Spring has sprung and with that – bear sightings in the RMWB are set to rise in the coming weeks.
District Fish and Wildlife Officer Tyler Murphy tells Mix News it will be a few weeks before we have any bear sightings as they don’t typically come out until the end of April.
“With the lack of snow right now, people will have reason to believe bears will be coming out to right away but as you can see everything is still brown so there’s really nothing for them to eat so they just kind of hang out until things start to green up a bit.”
Murphy says the average number of bear sightings in the region is in the hundreds, with 59 being captured in the Fort McMurray last year.
Meanwhile, he says the wildfire had little affect on the bear population.
“We didn’t see any real increase in numbers – it was a pretty typical year.”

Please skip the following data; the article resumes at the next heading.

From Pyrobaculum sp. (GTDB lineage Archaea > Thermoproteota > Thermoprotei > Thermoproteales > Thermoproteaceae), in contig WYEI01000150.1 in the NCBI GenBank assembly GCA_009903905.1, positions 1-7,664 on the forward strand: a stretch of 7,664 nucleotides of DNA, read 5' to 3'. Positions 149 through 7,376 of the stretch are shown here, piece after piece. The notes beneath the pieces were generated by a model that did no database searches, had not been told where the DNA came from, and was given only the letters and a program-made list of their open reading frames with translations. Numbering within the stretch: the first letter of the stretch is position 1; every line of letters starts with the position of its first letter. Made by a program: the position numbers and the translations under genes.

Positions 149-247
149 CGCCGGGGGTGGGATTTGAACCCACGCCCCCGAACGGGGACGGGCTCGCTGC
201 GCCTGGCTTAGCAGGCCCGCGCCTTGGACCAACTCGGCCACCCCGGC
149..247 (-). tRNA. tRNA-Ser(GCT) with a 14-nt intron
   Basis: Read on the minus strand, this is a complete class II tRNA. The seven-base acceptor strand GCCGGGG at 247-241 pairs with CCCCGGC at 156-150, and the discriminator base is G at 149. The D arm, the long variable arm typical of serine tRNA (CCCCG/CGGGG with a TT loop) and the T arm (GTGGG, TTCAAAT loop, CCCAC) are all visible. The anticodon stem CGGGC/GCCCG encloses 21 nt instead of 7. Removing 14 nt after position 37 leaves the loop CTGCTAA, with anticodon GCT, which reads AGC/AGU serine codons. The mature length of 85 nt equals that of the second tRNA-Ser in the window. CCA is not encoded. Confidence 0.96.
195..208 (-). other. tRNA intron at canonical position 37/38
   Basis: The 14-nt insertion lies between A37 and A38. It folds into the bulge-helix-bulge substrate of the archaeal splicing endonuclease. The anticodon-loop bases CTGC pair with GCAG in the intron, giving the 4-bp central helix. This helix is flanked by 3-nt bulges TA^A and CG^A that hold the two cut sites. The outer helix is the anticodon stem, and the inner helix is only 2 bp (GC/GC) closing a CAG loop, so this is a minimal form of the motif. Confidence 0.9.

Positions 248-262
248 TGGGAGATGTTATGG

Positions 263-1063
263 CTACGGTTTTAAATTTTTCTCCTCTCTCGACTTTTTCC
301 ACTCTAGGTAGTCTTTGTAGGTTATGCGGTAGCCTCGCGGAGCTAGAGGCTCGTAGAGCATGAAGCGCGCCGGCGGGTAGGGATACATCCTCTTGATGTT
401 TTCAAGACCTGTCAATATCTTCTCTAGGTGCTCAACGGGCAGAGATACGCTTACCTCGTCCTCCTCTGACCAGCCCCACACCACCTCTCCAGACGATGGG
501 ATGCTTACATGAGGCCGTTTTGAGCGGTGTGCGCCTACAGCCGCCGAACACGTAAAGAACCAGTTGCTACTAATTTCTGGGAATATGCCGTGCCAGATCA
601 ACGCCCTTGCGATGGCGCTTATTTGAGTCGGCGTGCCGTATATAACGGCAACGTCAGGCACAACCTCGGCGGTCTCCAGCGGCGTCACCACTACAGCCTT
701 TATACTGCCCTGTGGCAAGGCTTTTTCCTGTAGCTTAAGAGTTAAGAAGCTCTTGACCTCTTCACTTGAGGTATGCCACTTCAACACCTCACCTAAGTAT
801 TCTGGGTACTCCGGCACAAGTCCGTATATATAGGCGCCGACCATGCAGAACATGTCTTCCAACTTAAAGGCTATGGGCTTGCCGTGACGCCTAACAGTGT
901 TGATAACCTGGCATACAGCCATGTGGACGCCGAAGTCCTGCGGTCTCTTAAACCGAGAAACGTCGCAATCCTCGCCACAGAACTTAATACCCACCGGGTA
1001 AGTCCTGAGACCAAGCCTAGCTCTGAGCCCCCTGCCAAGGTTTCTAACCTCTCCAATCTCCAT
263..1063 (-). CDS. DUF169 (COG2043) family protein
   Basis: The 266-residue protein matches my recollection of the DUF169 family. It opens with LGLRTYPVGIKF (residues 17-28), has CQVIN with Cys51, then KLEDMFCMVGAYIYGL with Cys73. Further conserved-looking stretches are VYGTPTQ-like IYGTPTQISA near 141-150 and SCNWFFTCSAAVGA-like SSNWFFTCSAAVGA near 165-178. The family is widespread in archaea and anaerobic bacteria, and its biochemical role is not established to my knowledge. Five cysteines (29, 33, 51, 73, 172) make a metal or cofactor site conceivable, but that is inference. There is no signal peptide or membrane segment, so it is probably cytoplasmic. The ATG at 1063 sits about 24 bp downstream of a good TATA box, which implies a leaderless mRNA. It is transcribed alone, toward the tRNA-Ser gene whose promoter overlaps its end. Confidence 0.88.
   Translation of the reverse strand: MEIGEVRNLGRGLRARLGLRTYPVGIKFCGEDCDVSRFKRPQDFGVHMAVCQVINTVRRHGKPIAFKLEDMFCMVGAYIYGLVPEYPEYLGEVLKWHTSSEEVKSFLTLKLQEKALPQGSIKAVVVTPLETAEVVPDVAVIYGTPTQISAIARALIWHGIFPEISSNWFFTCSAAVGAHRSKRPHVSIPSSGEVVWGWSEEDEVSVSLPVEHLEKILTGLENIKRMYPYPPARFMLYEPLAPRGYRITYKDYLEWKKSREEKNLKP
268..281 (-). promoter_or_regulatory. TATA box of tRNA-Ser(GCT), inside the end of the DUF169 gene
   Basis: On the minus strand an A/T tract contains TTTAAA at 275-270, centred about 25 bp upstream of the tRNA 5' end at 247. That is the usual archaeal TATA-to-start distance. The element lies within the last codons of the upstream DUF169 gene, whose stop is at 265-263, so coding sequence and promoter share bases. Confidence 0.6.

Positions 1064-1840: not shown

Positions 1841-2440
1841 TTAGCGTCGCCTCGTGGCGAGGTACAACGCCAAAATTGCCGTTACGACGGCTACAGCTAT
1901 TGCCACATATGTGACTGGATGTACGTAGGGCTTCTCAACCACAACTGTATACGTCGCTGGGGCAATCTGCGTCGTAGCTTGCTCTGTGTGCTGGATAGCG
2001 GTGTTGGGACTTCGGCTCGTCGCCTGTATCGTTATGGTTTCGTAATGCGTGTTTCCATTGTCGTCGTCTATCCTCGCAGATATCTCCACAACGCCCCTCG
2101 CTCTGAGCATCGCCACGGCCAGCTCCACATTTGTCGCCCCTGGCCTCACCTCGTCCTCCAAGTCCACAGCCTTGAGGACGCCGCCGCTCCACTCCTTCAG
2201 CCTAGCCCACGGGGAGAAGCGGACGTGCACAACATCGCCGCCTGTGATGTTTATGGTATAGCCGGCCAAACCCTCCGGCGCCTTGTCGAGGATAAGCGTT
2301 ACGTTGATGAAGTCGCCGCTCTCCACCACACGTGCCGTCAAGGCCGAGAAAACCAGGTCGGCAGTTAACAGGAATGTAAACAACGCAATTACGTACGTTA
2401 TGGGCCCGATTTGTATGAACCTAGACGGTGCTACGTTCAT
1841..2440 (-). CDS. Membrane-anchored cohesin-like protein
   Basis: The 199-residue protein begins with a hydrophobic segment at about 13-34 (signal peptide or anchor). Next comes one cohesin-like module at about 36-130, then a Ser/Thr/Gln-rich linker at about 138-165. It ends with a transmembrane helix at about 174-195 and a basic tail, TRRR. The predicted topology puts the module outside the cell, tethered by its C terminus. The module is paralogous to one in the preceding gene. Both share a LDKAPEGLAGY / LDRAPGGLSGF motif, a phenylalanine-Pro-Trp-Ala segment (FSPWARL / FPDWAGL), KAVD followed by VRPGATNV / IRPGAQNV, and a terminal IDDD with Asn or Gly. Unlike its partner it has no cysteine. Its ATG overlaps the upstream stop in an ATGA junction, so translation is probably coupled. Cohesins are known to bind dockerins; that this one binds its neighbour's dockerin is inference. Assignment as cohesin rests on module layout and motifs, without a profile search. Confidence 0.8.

In comparison – the Richardson fire in 2011 created a large increase in bear activity that summer – with 232 being relocated.
But Murphy notes the wildfire could have produced more food than usual for the bears.
“Whether that will have an impact on how many bears we’ll see in town or not, I guess it’s yet to be seen. We’ll see what the year brings.”
Murphy describes bears as typically curious creatures who are often more afraid of you than you are of them but there are ways you can stay bear-safe.
“They might stand up to see and look at what you are but generally they just run away,” he said.“There’s the possibility that you could encounter one when you’re on the trails and the best thing is to just respect their space. If you see one and you don’t have to be there then just go in the other direction.”
Murphy encourages avid hikers should always carry bear spray and even more importantly – know how to use it.
If you do encounter a bear in any residential area you can call the Fish and Wildlife during business hours at 780-743-7200 or you can call the 24/7 Report a Poacher hotline at 1-800-642-3800.